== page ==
The conversation was happening so quickly, every time TAGS retrieved Tweets from Twitter, it would freeze and become inaccessible for hours as it compiled the archive. That said, these tweets were collected over the course of two weeks, often hundreds at time, between September 1st and September 10th. Weeks later, and #GamerGate is still receiving roughly 100 tweets per minute. I have met the limit on the size of my archive, but if anyone is well-versed in google docs and spreadsheets, I would love some assistance moving tweets into a new sheet so that I can continue compiling tweets. Please contact me ASAP.
•Related hashtag, #notyourshield, appears 1021 times throughout the 4000 tweets archived. #notyourshield is a tag that is supposed to be used by under-represented members of the gaming community, namely women, minorities, and LGBT, who claim that primary video game media outlets discuss the representation poorly, and often in place of the real issues (such as collusion between game developers and press).
•”SJW” appears 375 times throughout 4000 tweets archived. SJW is short for “Social Justice Warrior” a pejorative term for those who defend the rights of under-represented groups online.
•”Journal” (for journalism and journalist) appears 517 times.
• “fem” appears 350 times.
•”Destiny” appears 140 times. Around the time these tweets were compiled, Destiny was on the verge of being released. Many tweets using this tag expressed that the release of Destiny would not slow the discussion circulating around #gamergate. This ended up being true.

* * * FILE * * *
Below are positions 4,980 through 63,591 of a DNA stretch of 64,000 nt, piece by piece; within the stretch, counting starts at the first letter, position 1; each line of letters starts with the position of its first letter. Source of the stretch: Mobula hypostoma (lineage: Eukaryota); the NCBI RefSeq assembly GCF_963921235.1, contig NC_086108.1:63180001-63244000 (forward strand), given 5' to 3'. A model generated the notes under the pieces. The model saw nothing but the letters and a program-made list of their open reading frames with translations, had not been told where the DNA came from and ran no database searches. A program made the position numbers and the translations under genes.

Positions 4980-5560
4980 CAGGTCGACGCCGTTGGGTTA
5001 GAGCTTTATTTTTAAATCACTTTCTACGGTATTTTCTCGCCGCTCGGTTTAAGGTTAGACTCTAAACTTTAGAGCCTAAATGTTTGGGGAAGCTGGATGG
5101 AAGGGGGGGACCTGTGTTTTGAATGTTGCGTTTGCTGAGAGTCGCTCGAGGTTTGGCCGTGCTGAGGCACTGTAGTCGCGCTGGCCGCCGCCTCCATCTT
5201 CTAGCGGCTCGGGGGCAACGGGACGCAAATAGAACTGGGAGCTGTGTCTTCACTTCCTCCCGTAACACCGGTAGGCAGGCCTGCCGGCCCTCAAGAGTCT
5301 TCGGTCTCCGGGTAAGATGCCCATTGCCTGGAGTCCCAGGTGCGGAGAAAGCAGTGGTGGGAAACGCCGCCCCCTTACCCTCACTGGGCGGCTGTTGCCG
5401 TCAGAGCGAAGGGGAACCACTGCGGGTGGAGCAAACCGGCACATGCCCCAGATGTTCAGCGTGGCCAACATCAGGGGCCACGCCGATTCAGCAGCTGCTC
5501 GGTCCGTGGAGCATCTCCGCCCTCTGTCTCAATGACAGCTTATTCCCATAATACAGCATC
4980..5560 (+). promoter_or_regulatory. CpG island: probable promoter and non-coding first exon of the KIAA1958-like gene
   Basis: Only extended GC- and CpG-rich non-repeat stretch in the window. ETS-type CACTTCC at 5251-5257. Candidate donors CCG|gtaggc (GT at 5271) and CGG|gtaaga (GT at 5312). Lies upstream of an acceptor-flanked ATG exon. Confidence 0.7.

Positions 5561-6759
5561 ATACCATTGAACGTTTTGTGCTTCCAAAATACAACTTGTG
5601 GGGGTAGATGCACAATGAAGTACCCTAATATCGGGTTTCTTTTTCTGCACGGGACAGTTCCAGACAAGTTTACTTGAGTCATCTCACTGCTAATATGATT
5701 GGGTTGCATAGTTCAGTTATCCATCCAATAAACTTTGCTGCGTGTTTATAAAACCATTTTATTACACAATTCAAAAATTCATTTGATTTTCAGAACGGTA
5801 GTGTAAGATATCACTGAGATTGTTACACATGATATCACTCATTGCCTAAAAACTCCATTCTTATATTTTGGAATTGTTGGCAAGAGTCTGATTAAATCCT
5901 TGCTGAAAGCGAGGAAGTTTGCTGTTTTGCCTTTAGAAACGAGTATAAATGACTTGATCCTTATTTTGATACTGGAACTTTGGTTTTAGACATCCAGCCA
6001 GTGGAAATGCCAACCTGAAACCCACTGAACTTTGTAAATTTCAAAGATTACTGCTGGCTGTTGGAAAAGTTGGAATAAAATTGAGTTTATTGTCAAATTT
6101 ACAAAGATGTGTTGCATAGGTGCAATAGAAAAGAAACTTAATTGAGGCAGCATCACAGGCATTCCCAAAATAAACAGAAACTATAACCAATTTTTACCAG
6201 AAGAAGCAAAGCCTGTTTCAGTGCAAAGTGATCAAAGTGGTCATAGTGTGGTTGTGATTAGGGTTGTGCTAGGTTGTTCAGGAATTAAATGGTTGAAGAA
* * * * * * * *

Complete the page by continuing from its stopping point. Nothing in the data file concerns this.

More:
•”Quinn” appears 365 times.
•”Phil Fish” appears 45 times.
•”Polygon” appears 475 times. This is the name of a publication that is outspoken against the doxxing of Zoey Quinn, and has many well known and respected female writers on staff. At one point, many were Tweeting that Polygon was banning users on their discussion boards speaking out against Anita Sarkeesian.
•”Kotaku” appears 291 times. Zoe Quinn was implicated for having relations with a writer who worked for this publication.
• 85% of posters identify as male.
•58% of posters are from the US.
• 68.1% of posts are made from a Desktop computer. 14.2% from an iPhone, 10.9% from Android devices.
•64.6% of posts are re-tweets. 12.5% are replies. 23% are original posts
Issues with Archiving:
Using a data tool, I discovered that as of this post over 775,000 tweets have been tagged with #GamerGate. If my 4000 tweets seemed like a large set of data, I am sorry to disappoint. I found a service called HashTracking that would retrieve the full history for me, but it would cost 2.00$ for every 1,000 tweets… so… more money than I have. Another service, Keyhole, offers a real-time view of the hashtag over several social media platforms at once. They also offer historical archives, beginning at 49$. I am currently waiting on them to send me a quote on the cost of my 775k tweet archive. If it’s not over 200$, I will probably suck it up and pay… but I won’t like it.